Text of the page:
Lection 5.1: Kilo, Mega and Giga and SI

In this lecture, a briefe introduction into the mathematical terms of kilo, Mega and Giga is given.

Goal:The goal of this lecture is to understand the metrix unit prefixes like kilo or Mega and be able to use them. Furthermore, the SI units which replace the metric unit prefixes should be understood as well.

If you had all this already in school, then you might nit need to read through all of this text. This explanation is meant for people how do not know the prefix notation ond the SI units. If you already know them, you can have a quick look at the tables and then continue directly with the quiz and the next chapter. But be warned, from now on, the knowledge about prefixes and SI units is required. They will both be used and you should be able to handle them and understand their meaning!

If we are working woth large numbers, it is always handy to have a method to shorten these large numbers. For example if I neet to write 1'000'000 Volt, I can instead write 1 million Volts. This works, because we know that one million is equal to 1'000'000. But if we use numbers like this in calculations, it is not handy to write 3.4 million V. Instead we need another abbrevation for the word million. This abbrevation is short M. So we write only 3.4 MV instead of 3.4 million V.
These abbrevations are called metric unit prefixes. Metric unit because the units we use here are the metric system. An other system is the imperial system that is mainly used in the UK and USA. There they use ounces, pounds and stone for weight units. For distance units they use feet, yard and miles. For volume units they use ounces, pints and gallon. Some of these units are sometimes used here as well. For example miles. But in scientific use, the metric system is more commonly used.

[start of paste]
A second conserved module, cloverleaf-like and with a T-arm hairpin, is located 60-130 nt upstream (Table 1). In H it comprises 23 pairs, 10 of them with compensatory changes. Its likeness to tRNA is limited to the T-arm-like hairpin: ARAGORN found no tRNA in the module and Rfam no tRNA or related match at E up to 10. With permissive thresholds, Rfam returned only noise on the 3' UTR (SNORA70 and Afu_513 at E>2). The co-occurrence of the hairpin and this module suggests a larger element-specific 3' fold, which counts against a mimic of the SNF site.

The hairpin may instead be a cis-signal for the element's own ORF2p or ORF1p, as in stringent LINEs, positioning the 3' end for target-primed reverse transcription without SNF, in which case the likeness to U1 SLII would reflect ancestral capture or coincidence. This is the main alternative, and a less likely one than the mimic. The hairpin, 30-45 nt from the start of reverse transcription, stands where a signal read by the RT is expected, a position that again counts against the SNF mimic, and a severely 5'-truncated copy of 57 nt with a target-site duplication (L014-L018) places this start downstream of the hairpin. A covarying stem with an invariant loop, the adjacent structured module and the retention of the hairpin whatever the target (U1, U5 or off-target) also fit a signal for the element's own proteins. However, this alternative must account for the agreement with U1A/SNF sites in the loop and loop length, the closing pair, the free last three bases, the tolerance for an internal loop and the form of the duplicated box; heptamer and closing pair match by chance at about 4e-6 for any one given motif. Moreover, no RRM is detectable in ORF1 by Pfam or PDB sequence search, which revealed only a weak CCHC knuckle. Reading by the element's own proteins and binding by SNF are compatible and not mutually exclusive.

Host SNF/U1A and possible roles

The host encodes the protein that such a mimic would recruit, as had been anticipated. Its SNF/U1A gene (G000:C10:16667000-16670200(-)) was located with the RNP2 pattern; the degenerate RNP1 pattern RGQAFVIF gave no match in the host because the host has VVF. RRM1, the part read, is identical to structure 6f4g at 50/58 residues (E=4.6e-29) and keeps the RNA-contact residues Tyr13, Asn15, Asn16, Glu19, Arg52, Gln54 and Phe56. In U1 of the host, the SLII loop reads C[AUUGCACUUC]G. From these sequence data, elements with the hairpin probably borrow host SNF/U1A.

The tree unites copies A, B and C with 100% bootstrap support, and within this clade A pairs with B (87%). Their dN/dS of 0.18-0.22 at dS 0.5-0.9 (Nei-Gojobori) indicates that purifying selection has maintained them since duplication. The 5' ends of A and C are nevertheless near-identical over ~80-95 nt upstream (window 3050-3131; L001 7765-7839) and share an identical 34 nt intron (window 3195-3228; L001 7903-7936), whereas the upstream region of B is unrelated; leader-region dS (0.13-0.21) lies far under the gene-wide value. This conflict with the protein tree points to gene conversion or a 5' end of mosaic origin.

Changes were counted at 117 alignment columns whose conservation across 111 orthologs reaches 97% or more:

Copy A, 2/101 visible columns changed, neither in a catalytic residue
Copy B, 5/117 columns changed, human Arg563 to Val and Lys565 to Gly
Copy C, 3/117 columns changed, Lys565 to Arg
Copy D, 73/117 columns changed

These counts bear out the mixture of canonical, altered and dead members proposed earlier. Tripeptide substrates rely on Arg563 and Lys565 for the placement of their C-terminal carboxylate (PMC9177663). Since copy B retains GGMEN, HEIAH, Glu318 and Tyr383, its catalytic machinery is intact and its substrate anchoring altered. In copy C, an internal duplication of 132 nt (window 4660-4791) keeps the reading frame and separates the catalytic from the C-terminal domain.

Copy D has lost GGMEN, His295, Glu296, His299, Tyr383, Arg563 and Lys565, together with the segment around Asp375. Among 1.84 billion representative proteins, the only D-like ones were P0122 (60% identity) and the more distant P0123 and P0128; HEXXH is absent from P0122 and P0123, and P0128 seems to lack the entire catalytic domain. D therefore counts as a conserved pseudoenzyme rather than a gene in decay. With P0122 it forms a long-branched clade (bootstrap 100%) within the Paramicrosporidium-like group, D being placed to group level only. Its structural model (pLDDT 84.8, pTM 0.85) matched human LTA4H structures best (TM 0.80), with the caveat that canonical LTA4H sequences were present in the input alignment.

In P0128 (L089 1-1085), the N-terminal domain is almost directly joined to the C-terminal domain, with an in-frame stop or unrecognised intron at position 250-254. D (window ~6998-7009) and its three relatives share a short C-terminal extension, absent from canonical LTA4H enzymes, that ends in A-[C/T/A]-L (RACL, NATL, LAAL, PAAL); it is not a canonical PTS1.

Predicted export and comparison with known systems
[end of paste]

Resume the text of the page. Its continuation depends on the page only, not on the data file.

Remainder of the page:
unit class metric unit imperial units UK convertion
weight gramm [g] ounces [oz]
pounds [lb]
stone [st]
1 ounce = 28.34952g
1 pound = 453.5923g
1 stone = 6350.2934g
distance meter [m] inches [in]
feet [ft]
yard [yd]
mile [mi]
1 inch = 0.0254m
1 foot = 0.3048m
1 yard = 0.9144m
1 mile = 1609.344m
volume liter [l] ounces [oz]
pint [pt]
gallon [gal]
1 ounce = 0.02841306l
1 pint = 0.5682612l
1 gallon = 4.546090l
Note: here the UK units are used. The imperial units in the USA are slightly different from the imperial units in the UK.

The idea of the metric system is that only one unit per class remains. there is no longer the need to convert from inches to feet, from feet to yards and from yards to miles. Instead, there is just one unit that deals with distances, the meter. But the be able to display this unit better, especially if we are dealing with very large, or very small numbers, the metric unit prefixes are introduced. These are prefixes that make the unit larger or smaller. For example a kilometer is the prefix kilo to the unit meter. Kilo means thousand, so a kilometer is a thousand meter. We have made a larger unit using the prefix.
Here is a table with all the prefixes that are commonly used, toghether with an example.

name symbol factor SI unit example
Tera [T] 1'000'000'000'000 1012 2.0 TB = 2'000'000'000'000 Byte
Giga [G] 1'000'000'000 109 5.2 GW = 5'200'000'000 W
Mega [M] 1'000'000 106 6.4 MJ = 6'400'000 J
Kilo [k] 1'000 103 7.5 kg = 7'500 g
Hecto [h] 100 102 5.4 hl = 540 l
deci [d] 0.1 10-1 2.5 dl = 0.25 l
centi [c] 0.01 10-2 36 cm = 0.36 m
milli [m] 0.001 10-6 35 mA = 0.035 A
micro [µ] 0.000001 10-6 600 µF = 0.0006 F
nano [η] 0.000000001 10-9 48 ηT = 0.000000048 T

Let's have a detailed look at an example of how to use these prefixes. Assume we are to calculate the current in a small circuit as given in the picture below.

Example 1:
U = 1 V
R = 100 Ω
Example 2:
U = 100 V
R = 0.1 Ω
We know the voltage and the resistance. The formula to calculate the current is given by the first form of Ohm's law: current is voltage over resistance.
In the first example, we are given the values U= 1V and R = 100 Ω. So we can calculate the current to be U/R = 1V/100Ω = 0.01 A.